Monday, October 11, 2010
"Dither is an electric guitar quartet based in New York City" says the cover of their selftitled album from Henceforth. Basically jazz label (well - to my mind jazz, which includes lots of improv stuff) so you expect a jazzy improv quartety stuff.
Tongue of thorns opens with some ambient drones then bursts into a noise-rock drone with layering of bowed guitar, string play and drumming which I assume is knocking on the body, then in the last 2 minutes one guitar screams then shifts into sliding. This is not what you expected. Have a look at the cover - these are pieces written for quartet, only one by one of the members. So we are looking at a 'classical' quartet, modern and varied. Which the rest of the album demonstrates.
Vectors shifts between twangy loose picking, where different guitars (based on the sound placement in the auditory field - this is a lovely produced album) create a melody alternate with strumming, the volume increases and decreases and there is a shift between stasis and excited variation. The in-house composition Pantagruel is closer to my expectations and reminded me of Guitar Craft albums in the picking/tuning, but there a interruptions of feedback swizzing, some frippery sounds, atonal but melodic.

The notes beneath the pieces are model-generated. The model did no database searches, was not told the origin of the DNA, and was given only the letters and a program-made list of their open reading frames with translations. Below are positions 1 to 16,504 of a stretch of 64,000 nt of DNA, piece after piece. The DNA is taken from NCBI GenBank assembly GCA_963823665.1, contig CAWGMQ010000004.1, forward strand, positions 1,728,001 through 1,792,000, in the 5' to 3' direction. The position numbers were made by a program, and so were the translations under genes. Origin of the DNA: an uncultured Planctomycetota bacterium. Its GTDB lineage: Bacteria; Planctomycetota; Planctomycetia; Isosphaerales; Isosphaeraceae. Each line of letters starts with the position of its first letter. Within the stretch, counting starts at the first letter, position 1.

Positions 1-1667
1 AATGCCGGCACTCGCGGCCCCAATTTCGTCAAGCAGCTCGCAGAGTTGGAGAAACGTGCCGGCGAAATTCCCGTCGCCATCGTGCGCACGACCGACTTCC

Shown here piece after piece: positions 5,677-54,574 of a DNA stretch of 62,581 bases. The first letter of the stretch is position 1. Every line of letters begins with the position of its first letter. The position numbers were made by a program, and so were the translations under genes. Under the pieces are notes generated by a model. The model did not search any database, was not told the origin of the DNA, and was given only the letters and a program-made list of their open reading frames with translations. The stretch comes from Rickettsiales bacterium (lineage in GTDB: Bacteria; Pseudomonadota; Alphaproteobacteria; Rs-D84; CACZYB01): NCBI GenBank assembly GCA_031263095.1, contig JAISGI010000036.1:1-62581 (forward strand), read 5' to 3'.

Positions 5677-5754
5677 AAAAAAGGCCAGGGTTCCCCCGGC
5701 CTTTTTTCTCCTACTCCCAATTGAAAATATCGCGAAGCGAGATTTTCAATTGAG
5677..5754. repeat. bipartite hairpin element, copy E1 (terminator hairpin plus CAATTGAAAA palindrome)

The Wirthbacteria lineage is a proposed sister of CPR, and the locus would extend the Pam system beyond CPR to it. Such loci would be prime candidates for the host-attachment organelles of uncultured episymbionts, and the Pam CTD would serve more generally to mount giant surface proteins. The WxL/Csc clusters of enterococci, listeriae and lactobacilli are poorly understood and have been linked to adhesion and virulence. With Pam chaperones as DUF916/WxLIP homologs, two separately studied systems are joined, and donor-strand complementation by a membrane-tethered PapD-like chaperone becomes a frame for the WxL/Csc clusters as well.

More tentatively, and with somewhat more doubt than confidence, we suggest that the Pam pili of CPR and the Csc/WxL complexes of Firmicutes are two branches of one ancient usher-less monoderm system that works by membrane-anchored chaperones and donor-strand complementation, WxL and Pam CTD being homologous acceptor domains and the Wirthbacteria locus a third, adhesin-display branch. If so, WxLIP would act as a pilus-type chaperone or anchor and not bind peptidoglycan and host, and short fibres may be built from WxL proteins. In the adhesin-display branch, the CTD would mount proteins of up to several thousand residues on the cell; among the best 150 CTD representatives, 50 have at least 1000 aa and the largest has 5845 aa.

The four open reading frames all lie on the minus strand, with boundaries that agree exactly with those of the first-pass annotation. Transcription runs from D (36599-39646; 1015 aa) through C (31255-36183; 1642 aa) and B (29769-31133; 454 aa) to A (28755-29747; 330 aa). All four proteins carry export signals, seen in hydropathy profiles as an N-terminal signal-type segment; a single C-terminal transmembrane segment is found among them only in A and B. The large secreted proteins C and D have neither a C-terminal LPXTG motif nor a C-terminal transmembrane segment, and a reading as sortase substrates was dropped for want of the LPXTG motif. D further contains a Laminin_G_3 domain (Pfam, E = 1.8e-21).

There are four parts to Cross-sections: Entropion has picking moving melodies, rapid soft cycles that emphasise the players skills and provide solo opportunities; a more effects playing with crackling, pops, feedback, bending tones and drones in Aphonia; some gorgeous playing, frippertronic inserts and shifting density in Prolix and a simple buzzing and picked playing in Venial.
A rocking, noisey wall of sound eases to dense but identifiable notes before rebuilding in the exciting closer exPAT.
A stunning album - literally and figuratively. It completely avoided my expectations and offers a stunning insight into what can be done in a 'classical' quartet format with modern instruments. Another adjective - thrilling.